South African cities see rising poverty and unemployment; Cape Town bucks trend

English audio clip attached.

The South African Cities Network’s report on the State of South African Cities in 2021 has demonstrated in clear terms that South Africa’s local government’s are in dire straits, with “unacceptably high” unemployment figures in many metros. However, the City of Cape Town has bucked the trend, and leads the way in several key indicators.

The report, which is published annually, found that Cape Town had the highest life expectancy of South Africa’s cities, with woman living to 71 and men to 65.6 on average. Cape Town also claims the country’s lowest metropolitan unemployment rate, and contributes R287 billion to the national economy. Additionally, the city has a high level of service delivery, with electricity delivered to 98.6% of households, basic water supply to 95.9%, and municipal refuse removal to 89.7%. This is in stark contrast to several other metropolitan districts, with Nelson Mandela Bay claiming the country’s highest unemployment figure – an astonishing 35.7%.

These results come soon after the release of the Auditor General’s municipal audit outcomes for the 2020/2021 financial year, which found that only 41 municipalities in South Africa had received clean audits, with more than half of these being found in the DA-led Western Cape.

Reacting to the report, DA Western Cape Spokesperson on Local Government Derrick America said: “It is heartbreaking to see our country’s municipalities and cities succumbing to a continuous tide of corruption and maladministration. While it is heartening to note that the DA has managed to turn things around in the Western Cape, we are fast approaching a point at which many localities will be unable to render even the most basic of services to their residents. While there is always room for improvement, I urge leaders throughout the country to look to the Western Cape’s example of clean, citizen-orientated governance before it is too late.”

DA welcomes progress on Rooiwal forensic investigation

Please find attached soundbites in English and Afrikaans by Cilliers Brink MP, DA Shadow Minister of Cooperative Governance and Traditional Affairs.

The Democratic Alliance (DA) welcomes the progress that has been made by the Tshwane coalition government in investigating the Rooiwal matter.

Earlier this year Mayor Randall Williams ordered a forensic investigation into the first phase of project to refurbish this waste water treatment plant.

Mayor Williams’ decision was a response to findings by the Auditor-General into the appointment of the contractor on the project.

The investigation is now underway, and Mayor Williams will today ask the municipal council to give forensic investigates six weeks to complete their work.

It is essential that this investigation be completed, and that no further time is wasted in ensuring that the long-standing problems at Rooiwal be resolved.

If any improprieties were committed in the awarding of the Rooiwal contract, this investigation is what will unearth the necessary evidence.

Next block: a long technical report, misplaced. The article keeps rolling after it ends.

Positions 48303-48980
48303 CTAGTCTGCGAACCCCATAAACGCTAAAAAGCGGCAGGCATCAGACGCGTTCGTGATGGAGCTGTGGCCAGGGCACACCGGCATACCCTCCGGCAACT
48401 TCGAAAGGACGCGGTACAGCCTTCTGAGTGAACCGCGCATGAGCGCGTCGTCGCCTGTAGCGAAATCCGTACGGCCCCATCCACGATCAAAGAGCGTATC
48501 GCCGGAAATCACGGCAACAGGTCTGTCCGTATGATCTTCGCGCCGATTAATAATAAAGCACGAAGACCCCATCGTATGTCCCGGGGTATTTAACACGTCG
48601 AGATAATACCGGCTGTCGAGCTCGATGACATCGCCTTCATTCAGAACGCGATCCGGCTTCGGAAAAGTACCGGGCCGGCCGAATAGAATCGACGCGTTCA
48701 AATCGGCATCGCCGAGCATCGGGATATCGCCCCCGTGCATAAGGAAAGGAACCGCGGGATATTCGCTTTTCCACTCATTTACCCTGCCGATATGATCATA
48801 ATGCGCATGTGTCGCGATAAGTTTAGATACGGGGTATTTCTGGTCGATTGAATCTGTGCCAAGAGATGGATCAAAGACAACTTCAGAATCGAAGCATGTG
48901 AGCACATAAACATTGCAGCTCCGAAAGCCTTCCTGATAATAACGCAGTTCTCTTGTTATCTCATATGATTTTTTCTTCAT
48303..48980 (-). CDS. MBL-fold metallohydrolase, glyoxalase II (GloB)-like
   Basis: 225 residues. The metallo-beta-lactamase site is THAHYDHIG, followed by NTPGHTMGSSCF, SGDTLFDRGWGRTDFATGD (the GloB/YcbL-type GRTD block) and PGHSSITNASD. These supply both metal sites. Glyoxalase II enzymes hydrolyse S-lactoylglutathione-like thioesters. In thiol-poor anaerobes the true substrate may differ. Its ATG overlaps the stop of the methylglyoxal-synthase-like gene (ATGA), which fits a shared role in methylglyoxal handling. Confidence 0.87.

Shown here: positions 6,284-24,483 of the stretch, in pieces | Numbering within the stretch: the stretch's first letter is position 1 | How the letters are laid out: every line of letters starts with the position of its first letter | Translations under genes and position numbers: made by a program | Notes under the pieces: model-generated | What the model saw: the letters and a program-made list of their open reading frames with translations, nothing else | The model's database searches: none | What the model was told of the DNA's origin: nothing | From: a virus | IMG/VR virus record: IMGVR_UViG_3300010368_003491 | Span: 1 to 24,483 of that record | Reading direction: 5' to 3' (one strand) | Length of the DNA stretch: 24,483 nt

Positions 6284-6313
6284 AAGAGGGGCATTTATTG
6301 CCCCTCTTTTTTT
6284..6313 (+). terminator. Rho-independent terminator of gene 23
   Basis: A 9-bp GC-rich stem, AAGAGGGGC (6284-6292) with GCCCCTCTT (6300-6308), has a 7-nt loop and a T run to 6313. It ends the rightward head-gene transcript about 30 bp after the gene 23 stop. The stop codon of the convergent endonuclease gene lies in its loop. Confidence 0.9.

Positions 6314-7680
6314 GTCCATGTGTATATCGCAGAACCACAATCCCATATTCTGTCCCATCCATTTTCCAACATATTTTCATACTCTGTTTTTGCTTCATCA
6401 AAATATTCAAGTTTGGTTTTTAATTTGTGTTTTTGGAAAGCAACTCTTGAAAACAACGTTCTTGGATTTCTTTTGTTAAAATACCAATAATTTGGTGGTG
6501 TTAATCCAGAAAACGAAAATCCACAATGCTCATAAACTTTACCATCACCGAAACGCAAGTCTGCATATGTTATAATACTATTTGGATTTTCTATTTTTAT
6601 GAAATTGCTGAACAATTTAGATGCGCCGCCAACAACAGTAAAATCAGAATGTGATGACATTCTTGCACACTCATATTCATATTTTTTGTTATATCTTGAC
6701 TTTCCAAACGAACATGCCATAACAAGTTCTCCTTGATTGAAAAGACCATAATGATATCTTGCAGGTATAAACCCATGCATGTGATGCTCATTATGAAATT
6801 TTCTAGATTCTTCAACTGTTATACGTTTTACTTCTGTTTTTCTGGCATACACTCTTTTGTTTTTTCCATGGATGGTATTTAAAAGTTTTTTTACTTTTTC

We welcome the example of openness and accountability set by Tshwane and Mayor Williams.

An era of clean, capable government is on the horizon

If you’re feeling hopeless about South Africa’s future, here’s some good news showing that the DA is a proven alternative for South African voters, and we are fighting hard for a real new dawn.

Clean government

Last week, Auditor-General Tsakani Maluleke released the annual municipal audit outcomes. She reported that 73% of municipalities in DA-run Western Cape received clean audits (22 out of 30), while the eight ANC-run provinces averaged just 8% (19 out of 227). DA-run Midvaal in Gauteng received its eighth consecutive clean audit.

Practically, a clean audit means public money is spent on the public, so things work, so people feel confident to invest in the future, so jobs are created.

Yesterday, StatsSA released the 2021 General Household Survey confirming that DA-run Western Cape scores highest on almost all service delivery metrics:

  • 99.4% of households having access to piped or tap water
  • Less than 4.9% of households reporting water interruptions (the national average is 30.8%)
  • 94.5% of households with access to improved sanitation in the country
  • 94.8% of households of households with access to flush toilets
  • the WC having the highest proportion of households that get refuse removal at least once a week
  • 95.1% of households connected to the mains electricity supply
  • the WC having the highest proportion of children in pre-school and grade R
  • 71.2% of WC households deriving their income from salaries (the highest in the country – speaks to the relatively high number of people employed in the province compared to other provinces)

Where things work, people work. So it is no coincidence that the unemployment rate (including those who’ve given up looking for work) is 16.5 percentage points lower in DA-run Western Cape (29%) than the average for South Africa (45.5%), according to StatsSA’s QLFS 2022Q1.

Clean government translates into jobs and a higher quality of life. Where the DA governs, life is far more likely to be easier and get better.

Pro-poor government

The DA-run Western Cape also comes out tops by far on delivery to indigent households, being  households that qualify and are registered for poverty relief in the form of a basket of free basic services. According to StatsSA’s Non-Financial Census of Municipalities 2019: